Clinical Management of Multidrug-Resistant Tuberculosis in 16 European Countries


RATIONALE: Multidrug-resistant tuberculosis (MDR-TB) is a major burden to public health in Europe. Reported treatment success rates are around 50% or less, and cure rates are even lower. OBJECTIVES: To document the management and treatment outcome in patients with MDR-TB in Europe. METHODS: We performed a prospective cohort study, analyzing management and treatment outcomes stratified by incidence of patients with MDR-TB in Europe. Treatment outcomes were compared by World Health Organization and alternative simplified definitions by the Tuberculosis Network European Trialsgroup (TBNET). MEASUREMENTS AND MAIN RESULTS: A total of 380 patients with MDR-TB were recruited and followed up between 2010 and 2014 in 16 European countries. Patients in high-incidence countries compared with low-incidence countries were treated more frequently with standardized regimen (83.2% vs. 9.9%), had delayed treatment initiation (median, 111 vs. 28 d), developed more additional drug resistance (23% vs. 5.8%), and had increased mortality (9.4% vs. 1.9%). Only 20.1% of patients using pyrazinamide had proven susceptibility to the drug. Applying World Health Organization outcome definitions, frequency of cure (38.7% vs. 9.7%) was higher in high-incidence countries. Simplified outcome definitions that include 1 year of follow-up after the end of treatment showed similar frequency of relapse-free cure in low- (58.3%), intermediate- (55.8%), and high-incidence (57.1%) countries, but highest frequency of failure in high-incidence countries (24.1% vs. 14.6%). CONCLUSIONS: Conventional standard MDR-TB treatment regimens resulted in a higher frequency of failure compared with individualized treatments. Overall, cure from MDR-TB is substantially more frequent than previously anticipated, and poorly reflected by World Health Organization outcome definitions.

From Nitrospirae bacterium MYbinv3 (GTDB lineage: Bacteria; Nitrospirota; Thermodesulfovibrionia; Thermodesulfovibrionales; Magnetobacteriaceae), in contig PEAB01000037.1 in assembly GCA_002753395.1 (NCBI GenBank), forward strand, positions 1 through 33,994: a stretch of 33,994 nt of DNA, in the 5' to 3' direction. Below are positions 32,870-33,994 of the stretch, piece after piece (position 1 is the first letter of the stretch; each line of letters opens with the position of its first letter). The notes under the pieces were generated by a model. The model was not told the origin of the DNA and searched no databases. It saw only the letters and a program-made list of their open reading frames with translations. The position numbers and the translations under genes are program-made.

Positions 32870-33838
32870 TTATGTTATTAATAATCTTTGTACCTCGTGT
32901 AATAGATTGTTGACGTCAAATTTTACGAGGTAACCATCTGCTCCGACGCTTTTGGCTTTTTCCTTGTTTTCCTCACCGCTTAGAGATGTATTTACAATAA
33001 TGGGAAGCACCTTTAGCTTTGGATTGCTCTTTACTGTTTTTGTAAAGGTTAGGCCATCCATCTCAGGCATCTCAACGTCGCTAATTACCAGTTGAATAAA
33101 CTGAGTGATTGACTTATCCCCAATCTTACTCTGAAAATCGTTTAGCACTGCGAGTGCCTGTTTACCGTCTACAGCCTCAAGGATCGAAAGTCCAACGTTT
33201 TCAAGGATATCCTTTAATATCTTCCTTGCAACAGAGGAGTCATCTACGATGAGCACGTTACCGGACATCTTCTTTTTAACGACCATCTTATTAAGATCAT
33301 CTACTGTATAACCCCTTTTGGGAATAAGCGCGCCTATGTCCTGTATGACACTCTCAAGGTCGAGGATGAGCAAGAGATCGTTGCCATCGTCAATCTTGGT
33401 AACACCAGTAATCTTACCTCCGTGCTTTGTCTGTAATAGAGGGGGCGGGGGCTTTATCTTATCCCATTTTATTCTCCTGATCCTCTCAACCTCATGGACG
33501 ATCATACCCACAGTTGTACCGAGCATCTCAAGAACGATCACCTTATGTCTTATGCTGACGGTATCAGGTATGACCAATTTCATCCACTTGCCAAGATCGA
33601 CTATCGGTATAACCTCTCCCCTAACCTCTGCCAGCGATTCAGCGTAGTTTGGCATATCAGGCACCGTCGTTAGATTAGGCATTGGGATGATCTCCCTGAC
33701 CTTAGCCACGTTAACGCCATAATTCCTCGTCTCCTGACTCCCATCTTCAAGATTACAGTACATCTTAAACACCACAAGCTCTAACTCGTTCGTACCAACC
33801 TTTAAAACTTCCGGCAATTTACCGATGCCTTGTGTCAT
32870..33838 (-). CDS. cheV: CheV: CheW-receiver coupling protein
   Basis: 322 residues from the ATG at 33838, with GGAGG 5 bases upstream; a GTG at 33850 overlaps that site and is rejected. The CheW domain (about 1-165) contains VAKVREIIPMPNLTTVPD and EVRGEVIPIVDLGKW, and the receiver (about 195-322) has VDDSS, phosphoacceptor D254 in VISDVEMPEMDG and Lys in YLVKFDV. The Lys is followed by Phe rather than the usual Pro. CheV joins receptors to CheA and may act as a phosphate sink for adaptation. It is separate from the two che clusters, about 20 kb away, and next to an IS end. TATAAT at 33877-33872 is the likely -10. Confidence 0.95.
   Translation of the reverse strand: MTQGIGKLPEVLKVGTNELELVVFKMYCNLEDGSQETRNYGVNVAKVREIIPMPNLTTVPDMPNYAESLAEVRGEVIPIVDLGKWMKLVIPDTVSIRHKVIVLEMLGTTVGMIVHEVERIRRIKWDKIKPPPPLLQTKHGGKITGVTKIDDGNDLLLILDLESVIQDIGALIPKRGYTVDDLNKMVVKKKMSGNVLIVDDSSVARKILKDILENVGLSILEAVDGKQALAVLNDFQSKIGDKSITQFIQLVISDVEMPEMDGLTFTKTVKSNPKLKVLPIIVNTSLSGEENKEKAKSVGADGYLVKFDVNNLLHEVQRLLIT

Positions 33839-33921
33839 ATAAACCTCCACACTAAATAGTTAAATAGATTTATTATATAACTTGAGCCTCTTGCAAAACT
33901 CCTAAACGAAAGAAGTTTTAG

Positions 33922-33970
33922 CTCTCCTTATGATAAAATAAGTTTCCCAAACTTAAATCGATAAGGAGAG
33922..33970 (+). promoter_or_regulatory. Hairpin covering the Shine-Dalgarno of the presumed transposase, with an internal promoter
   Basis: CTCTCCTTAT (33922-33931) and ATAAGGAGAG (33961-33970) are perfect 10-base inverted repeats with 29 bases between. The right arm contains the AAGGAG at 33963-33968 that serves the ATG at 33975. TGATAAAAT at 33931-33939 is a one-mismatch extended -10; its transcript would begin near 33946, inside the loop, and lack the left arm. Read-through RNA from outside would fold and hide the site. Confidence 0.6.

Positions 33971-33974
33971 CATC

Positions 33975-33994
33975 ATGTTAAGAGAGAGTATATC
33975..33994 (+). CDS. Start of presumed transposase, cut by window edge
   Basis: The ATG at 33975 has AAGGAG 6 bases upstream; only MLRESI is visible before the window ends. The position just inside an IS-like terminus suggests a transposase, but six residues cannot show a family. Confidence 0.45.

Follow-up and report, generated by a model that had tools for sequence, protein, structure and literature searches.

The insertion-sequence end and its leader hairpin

American Journal of Respiratory and Critical Care Medicine